A few months ago I came across Thrasher Capital Management’s “Demographic Convergence Theory,” or DCT. The Thrasher team is pioneering the DCT as an investment strategy for their fund, GendeX. The DCT is based on three principles:
- Gen X- and Y-ers are enjoying increasing spending power.
- Gen X- and Y-ers are trend setters, in the eyes of baby boomers.
- Baby boomers want to stay young forever, and will use their spending power to emulate Gen-X and Y-ers.
Issues of spending power aside, one of the DCT’s main points is this: baby boomers are open to new things. In fact, the DCT suggests that boomers are more than just receptive; while they may not be first adopters, baby boomers will eagerly use the technologies and gadgets they see younger generations embracing.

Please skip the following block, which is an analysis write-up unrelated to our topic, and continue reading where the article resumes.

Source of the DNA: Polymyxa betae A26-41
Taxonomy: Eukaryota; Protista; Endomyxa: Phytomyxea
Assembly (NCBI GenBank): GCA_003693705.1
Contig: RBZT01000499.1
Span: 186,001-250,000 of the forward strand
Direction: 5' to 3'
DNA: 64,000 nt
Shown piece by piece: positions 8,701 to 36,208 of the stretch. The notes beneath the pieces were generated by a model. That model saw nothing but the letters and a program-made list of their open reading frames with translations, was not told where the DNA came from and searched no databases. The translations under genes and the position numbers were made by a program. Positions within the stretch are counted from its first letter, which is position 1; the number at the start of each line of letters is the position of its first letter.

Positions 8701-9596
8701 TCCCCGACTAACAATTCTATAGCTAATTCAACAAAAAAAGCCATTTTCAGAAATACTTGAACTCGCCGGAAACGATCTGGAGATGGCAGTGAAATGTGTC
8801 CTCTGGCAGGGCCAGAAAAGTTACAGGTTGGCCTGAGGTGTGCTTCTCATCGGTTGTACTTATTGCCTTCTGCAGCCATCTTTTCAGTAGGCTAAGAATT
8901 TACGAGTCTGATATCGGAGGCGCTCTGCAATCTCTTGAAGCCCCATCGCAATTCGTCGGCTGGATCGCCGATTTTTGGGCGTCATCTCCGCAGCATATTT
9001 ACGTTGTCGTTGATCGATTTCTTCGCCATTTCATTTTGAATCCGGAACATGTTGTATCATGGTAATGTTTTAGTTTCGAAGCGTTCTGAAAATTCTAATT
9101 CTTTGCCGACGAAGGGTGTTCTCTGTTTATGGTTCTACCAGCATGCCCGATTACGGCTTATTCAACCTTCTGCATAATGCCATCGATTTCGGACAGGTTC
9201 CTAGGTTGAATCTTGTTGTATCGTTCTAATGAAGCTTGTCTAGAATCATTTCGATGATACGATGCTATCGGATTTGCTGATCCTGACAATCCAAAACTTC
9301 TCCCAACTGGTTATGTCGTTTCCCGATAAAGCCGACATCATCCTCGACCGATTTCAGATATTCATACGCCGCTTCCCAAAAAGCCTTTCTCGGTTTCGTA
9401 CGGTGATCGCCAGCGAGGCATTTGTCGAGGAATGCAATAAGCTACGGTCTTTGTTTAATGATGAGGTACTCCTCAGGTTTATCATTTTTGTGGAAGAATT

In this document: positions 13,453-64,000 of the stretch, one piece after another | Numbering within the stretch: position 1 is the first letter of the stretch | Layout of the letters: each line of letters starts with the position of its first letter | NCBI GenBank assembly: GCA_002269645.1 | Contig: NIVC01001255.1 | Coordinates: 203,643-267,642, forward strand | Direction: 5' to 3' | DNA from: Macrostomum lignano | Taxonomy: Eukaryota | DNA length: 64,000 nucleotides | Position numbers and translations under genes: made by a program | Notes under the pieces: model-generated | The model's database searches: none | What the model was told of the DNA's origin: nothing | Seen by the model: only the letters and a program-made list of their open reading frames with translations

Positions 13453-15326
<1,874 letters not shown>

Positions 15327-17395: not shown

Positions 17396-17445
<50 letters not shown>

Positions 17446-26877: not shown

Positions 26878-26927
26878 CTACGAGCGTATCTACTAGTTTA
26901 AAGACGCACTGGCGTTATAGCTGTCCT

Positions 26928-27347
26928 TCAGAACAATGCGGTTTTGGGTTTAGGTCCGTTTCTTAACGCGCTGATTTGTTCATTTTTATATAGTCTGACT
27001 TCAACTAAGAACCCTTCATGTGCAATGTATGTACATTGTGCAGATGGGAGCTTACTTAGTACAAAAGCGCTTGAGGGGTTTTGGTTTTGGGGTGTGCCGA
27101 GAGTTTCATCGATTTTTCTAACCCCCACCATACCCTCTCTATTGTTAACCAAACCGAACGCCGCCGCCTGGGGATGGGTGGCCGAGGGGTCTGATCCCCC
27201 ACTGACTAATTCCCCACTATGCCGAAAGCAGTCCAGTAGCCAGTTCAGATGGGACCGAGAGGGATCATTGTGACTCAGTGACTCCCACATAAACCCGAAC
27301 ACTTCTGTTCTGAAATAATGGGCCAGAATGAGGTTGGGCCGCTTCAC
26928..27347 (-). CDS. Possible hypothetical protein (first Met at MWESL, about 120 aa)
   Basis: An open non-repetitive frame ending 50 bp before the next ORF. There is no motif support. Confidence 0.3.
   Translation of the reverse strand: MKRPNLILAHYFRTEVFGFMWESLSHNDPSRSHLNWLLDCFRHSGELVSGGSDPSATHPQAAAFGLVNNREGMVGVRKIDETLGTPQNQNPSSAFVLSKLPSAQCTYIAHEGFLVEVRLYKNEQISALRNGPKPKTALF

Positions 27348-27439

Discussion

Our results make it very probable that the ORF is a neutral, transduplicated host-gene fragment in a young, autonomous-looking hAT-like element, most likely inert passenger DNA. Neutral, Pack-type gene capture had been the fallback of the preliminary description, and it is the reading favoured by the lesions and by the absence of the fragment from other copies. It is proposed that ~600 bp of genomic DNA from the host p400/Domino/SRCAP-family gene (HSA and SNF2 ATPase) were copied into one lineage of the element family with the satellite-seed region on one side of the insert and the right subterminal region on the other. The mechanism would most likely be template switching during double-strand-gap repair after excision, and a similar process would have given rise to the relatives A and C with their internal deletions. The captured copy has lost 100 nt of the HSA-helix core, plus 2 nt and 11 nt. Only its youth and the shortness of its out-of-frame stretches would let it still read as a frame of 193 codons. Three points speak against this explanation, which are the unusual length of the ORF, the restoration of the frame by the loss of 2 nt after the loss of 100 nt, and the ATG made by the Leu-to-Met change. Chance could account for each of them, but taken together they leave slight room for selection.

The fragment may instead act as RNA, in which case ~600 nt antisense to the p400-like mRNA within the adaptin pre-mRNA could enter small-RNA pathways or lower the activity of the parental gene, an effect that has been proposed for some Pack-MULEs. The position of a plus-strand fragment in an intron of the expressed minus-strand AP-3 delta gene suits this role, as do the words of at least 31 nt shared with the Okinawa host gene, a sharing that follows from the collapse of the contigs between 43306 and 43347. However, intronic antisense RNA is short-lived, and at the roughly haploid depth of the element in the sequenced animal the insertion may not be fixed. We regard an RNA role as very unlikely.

While the jury is still out on the merits of the DCT as an investment philosophy, the theory has some interesting general implications, corroborated by recent kasina research for the forthcoming report, What Advisors Do Online. In What Advisors Do Online, we found that while younger generations use the Web for more purposes than their elders, older generations are more active than many–including e-Business teams at asset management firms–might expect. For instance, there is almost a 20% gap between the percentage of 20- 40-year-old and 41- 60-year-old advisors using YouTube (younger advisors are on YouTube more). However, when it comes to using asset manager Web sites for product information, the gap narrows to 2%, with the older demographic reporting a slightly higher usage.
The DCT offers an explanation for these findings, and suggests that the number of baby boomers frequenting YouTube, reading blogs, and using Web 2.0 technologies will only increase as time goes on. e-Business teams and asset managers can take heart as they push forward with new online strategies: their work will touch both the young, and those who want to stay young.